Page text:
|Darwin's old town hall survived Japanese bombs in World War II, but was destroyed by Cyclone Tracy in 1974.|
DARWIN, Northern Territory (Nov. 10, 2008) — Welcome to the tropics. I’ve made it to the “Top End” of Australia, to Darwin, gateway of the North.
It’s certainly tropical, temperatures in the high 90s F, very humid and a light rain all day. The first taste I had of the weather was the descent down toward the airport, which came in through the remnants of a tropical thunderstorm. I’m generally a good flyer, but I held onto the seat a bit as the wind buffeted back and forth. At least I got breakfast on the 3.5-hour flight, something I wouldn't get on a comparable American flight. (Check out the "Sultana Bran" on the right!)
Compared to the bulk of Australia that I’ve seen, Darwin is lush and verdant. But with all the beauty, Darwin still seems to like to celebrate tragedy. For example, every 100 meters or so is a memorial to some structure destroyed by Cyclone Tracy.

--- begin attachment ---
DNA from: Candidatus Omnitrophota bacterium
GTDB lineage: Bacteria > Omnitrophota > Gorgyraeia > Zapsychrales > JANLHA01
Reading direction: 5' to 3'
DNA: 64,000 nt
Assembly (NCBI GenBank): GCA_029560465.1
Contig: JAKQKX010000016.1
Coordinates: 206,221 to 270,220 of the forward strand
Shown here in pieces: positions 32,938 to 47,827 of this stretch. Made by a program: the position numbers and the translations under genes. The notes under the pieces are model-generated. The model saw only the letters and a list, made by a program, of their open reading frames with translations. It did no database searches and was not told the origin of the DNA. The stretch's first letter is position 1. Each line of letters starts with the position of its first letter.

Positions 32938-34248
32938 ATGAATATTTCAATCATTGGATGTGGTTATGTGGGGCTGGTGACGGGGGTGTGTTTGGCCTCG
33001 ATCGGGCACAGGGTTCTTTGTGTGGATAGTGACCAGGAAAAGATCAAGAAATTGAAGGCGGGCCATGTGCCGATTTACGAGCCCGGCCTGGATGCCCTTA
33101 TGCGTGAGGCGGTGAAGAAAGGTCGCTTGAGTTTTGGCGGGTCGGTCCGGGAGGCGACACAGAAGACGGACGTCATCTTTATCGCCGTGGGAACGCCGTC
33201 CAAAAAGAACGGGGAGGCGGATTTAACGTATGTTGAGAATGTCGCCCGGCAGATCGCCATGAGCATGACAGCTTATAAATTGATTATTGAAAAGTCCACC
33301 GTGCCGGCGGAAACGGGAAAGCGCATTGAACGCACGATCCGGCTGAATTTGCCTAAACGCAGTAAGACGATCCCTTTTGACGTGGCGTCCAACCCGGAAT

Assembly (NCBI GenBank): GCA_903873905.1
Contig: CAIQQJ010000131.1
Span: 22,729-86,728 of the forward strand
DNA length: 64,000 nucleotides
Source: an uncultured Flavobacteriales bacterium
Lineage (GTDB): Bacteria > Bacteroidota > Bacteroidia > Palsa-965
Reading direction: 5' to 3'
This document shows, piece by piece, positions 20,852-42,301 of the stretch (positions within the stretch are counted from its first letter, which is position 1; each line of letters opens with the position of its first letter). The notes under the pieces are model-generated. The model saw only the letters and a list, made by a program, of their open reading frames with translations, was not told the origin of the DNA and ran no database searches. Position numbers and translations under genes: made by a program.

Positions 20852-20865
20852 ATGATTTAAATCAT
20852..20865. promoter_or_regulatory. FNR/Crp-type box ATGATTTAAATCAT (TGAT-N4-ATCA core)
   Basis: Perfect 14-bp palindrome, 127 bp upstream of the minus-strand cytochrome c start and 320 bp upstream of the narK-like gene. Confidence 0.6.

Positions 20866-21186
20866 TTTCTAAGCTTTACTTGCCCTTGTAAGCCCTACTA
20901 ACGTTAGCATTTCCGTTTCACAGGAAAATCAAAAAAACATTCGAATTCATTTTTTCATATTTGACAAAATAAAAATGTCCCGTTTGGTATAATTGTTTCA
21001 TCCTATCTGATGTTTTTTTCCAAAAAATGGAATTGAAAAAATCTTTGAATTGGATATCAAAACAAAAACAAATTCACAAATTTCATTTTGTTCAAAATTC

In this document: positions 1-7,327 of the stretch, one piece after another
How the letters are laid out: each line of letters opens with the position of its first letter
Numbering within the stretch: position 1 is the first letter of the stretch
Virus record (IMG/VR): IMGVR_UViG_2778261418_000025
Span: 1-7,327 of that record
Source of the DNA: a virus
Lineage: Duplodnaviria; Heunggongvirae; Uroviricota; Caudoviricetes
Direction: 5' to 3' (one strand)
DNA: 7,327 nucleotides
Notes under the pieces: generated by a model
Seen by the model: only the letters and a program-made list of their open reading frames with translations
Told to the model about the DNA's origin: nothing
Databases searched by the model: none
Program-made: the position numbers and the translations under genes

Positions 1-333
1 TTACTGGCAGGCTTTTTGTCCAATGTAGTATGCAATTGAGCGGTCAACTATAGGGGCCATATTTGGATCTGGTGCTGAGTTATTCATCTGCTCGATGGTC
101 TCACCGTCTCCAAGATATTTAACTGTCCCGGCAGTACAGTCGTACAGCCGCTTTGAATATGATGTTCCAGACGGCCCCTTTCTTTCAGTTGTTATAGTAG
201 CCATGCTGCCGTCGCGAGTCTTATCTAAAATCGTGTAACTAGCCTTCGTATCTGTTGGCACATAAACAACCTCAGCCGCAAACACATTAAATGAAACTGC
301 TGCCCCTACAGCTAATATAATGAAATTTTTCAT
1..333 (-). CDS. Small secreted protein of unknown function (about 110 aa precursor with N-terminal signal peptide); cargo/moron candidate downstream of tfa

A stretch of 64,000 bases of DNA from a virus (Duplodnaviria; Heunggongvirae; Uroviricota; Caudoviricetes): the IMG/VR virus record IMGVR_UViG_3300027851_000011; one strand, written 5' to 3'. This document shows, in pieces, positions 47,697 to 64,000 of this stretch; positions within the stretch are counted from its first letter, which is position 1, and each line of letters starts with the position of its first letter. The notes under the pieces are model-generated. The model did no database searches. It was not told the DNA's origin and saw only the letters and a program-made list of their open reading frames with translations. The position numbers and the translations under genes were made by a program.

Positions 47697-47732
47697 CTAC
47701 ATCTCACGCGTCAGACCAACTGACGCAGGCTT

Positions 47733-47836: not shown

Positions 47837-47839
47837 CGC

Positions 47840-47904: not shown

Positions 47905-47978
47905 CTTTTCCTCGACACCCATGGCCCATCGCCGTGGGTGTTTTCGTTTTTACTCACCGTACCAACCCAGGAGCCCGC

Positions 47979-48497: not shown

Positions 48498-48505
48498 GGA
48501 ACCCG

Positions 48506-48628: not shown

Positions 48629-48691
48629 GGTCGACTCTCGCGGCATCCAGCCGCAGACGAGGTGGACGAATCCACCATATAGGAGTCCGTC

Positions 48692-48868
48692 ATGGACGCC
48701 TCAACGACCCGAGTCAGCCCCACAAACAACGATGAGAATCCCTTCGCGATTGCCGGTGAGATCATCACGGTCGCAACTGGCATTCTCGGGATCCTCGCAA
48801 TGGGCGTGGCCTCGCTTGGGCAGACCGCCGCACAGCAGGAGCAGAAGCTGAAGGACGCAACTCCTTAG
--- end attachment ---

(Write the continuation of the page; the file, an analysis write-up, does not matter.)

If it's not a memorial to the cyclone, it's a memorial to the bombing that this city saw in World War II. I took a quick self-guided tour of the raided area and buried WWII oil tanks this afternoon.
The main bombing memorial in Darwin.
The bombing is supposedly a key plot point in Baz Luhrman's upcoming overly Oscar-hyped film "Australia," which I had hoped to see while I was Down Under. But thanks to the delay in shooting Harry Potter book seven's movie, the sixth movie, "Harry Potter and the Half-Blood Prince," was moved to next summer and "Australia" -- originally scheduled for an early November release -- will now come out around Thanksgiving in Harry Potter's former release slot, after I'm already back in the States. Gee, thanks Warner Brothers.